Picture taken at NDI10 – National Digital Inclusion Conference 2010, on 10 March 2010 – prior to the General Election but already post the reassertion of the current political and financial imperative for public services to 'do more with less'. Although there will always be pressure to reduce budgets, the current round of cuts and revisions had already started across some sectors, with rumours of post-Election reorganisation regardless of the outcome. On the 22nd of that month then-Prime Minister Gordon Brown's Digital Economy speech outlined a commitment to widen internet access – outlining a programme to deliver super-fast broadband to the UK, coupled with a shift towards online-centric and online-only service provision that promised to save the nation billions.
Today’s announcement by Martha-Lane Fox, the governments UK Digital Champion, to augment government websites and to provide tax and benefit services online, comes then as no surprise.
Matt Brittin from Google (in the picture above) gave the NDI10 network reception address at the end of day one – which included this slide on the theme of saving money by shifting service provision online. During the day the looming reality of shifting to internet only provision of services was talked about by relatively few of us – me, Ken Eastwood, Jim Eastwood and Stephen Whitehead, who followed up the conversation with this post on Digital Refugees and Digital Citizens.
I need to make it very clear that I am totally in favour of digital inclusion. I believe that people who are not able to access the internet and use web-based services with confidence are disadvantaged – socially, economically and culturally. I also think we are only just beginning to tap the huge mainstream opportunities that tech offers for participatory democracy, local community development and service co-design – although there are already some amazing examples and projects around.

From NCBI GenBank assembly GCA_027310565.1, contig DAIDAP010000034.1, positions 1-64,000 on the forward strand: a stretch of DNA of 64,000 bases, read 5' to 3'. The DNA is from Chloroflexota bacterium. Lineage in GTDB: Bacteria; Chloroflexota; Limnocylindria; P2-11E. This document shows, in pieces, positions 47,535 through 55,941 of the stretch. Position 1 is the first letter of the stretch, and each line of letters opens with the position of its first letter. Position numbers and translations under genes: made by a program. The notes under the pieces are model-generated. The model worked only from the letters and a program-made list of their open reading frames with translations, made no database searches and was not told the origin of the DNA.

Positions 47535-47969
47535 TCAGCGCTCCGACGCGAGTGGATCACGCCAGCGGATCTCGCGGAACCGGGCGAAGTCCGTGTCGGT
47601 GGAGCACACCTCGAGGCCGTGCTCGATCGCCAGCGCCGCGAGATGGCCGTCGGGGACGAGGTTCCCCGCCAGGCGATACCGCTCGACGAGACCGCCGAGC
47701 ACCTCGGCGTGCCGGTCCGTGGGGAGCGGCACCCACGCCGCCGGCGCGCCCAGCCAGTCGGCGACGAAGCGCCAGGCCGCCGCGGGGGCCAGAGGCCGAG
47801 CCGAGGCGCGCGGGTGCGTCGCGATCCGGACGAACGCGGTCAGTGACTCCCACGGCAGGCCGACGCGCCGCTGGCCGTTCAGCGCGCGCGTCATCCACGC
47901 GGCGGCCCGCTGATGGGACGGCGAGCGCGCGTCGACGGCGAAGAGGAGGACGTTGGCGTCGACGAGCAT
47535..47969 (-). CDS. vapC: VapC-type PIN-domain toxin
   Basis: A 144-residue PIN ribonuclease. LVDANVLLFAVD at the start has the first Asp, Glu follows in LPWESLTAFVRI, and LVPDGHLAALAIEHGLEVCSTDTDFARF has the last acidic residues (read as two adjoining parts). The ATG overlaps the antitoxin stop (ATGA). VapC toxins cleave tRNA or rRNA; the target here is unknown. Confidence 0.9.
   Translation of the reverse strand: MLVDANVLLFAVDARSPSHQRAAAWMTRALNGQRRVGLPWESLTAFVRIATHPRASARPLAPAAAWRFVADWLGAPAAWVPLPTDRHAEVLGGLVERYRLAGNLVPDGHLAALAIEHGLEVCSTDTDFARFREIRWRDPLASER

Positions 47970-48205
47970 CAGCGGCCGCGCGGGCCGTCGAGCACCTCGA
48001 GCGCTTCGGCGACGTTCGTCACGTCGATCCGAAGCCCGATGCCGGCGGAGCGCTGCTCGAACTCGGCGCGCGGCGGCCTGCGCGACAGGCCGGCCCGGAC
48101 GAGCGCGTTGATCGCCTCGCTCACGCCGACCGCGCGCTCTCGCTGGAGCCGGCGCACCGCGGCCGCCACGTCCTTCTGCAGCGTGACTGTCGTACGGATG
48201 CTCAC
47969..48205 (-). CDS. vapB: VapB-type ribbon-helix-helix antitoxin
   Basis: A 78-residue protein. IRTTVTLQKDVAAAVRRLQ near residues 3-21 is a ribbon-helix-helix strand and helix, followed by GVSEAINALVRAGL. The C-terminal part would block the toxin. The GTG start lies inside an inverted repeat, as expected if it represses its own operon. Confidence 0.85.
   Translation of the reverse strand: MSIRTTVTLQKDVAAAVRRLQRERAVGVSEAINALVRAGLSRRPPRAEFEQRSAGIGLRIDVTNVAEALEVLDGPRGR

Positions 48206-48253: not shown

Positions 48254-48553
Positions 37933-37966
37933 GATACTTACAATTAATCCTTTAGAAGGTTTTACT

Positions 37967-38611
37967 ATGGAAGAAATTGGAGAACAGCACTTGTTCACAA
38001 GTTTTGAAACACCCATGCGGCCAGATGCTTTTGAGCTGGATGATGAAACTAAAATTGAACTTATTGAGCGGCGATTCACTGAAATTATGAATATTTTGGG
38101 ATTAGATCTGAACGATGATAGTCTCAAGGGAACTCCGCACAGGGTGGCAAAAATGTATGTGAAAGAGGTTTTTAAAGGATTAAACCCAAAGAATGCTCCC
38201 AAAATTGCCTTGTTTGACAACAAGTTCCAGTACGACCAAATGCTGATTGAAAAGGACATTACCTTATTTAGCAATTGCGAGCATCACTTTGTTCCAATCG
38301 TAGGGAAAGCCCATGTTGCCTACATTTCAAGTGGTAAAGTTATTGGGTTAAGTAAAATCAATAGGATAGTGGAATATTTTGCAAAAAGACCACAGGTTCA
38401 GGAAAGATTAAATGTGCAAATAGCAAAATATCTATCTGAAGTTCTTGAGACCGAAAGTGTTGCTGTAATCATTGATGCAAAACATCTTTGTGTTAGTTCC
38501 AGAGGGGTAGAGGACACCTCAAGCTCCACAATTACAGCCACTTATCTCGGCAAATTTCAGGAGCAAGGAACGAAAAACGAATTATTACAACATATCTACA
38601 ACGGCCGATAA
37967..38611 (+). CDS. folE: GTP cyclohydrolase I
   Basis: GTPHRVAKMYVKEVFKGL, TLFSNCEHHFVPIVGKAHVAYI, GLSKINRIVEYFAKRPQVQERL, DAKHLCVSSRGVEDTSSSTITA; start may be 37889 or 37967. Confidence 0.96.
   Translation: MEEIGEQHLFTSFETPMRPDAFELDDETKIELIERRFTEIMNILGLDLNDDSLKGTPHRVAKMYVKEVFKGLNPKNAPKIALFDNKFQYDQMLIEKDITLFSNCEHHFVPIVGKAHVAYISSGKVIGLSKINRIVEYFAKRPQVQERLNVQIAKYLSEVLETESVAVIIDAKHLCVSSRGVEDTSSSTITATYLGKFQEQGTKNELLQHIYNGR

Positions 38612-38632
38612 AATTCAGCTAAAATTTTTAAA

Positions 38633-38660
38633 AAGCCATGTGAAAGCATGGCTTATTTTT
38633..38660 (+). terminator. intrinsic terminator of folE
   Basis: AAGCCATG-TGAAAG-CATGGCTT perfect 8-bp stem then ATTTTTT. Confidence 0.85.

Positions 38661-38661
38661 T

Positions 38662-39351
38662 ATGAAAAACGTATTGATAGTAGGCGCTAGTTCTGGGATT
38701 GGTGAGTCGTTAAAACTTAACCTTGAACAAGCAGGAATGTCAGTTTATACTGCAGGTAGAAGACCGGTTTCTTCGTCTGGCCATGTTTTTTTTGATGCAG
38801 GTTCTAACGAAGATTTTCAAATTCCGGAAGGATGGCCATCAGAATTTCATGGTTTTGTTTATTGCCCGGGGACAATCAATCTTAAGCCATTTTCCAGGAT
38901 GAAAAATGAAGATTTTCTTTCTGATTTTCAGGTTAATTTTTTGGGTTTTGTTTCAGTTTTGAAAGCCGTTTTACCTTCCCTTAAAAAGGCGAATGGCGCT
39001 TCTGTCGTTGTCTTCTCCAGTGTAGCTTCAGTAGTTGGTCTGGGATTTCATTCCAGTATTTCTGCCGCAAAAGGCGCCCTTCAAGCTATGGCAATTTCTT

One of the critical questions for me is – if services are going to be only available online, what processes and resources do we need to ring fence to ensure we aren’t further disadvantaging anyone, particularly those people who are already disadvantaged enough? It seems an obvious enough approach to take, but as this recent White Paper from the Democratic Society shows – How digital engagement can save councils money, recognising and addressing risk is easy to overlook when we focus on the arguments for. We need to recognise the social and economic juncture we've arrived at and focus on the discussions about how.
We also need to pay attention to the many and hard lessons learnt from the previous tech-dependent ‘economies of scale’ adventures many sectors have enjoyed, so that any shift to online-only provision is budgeted at total cost – including communications, training, support, systems development, potential process change, rather than with figures that only account for web development & service build. It’s very easy to say online services can be better services. The truth is that online services can be as inadequate, frustrating and as poorly designed as face to face services, with an additional layer of problems that need to be solved around different digital confidence levels, language skills, access and navigation. We need proper design, development and implementation processes and a recognition that in the short to medium term these services aren’t necessarily going to represent substantial budget savings.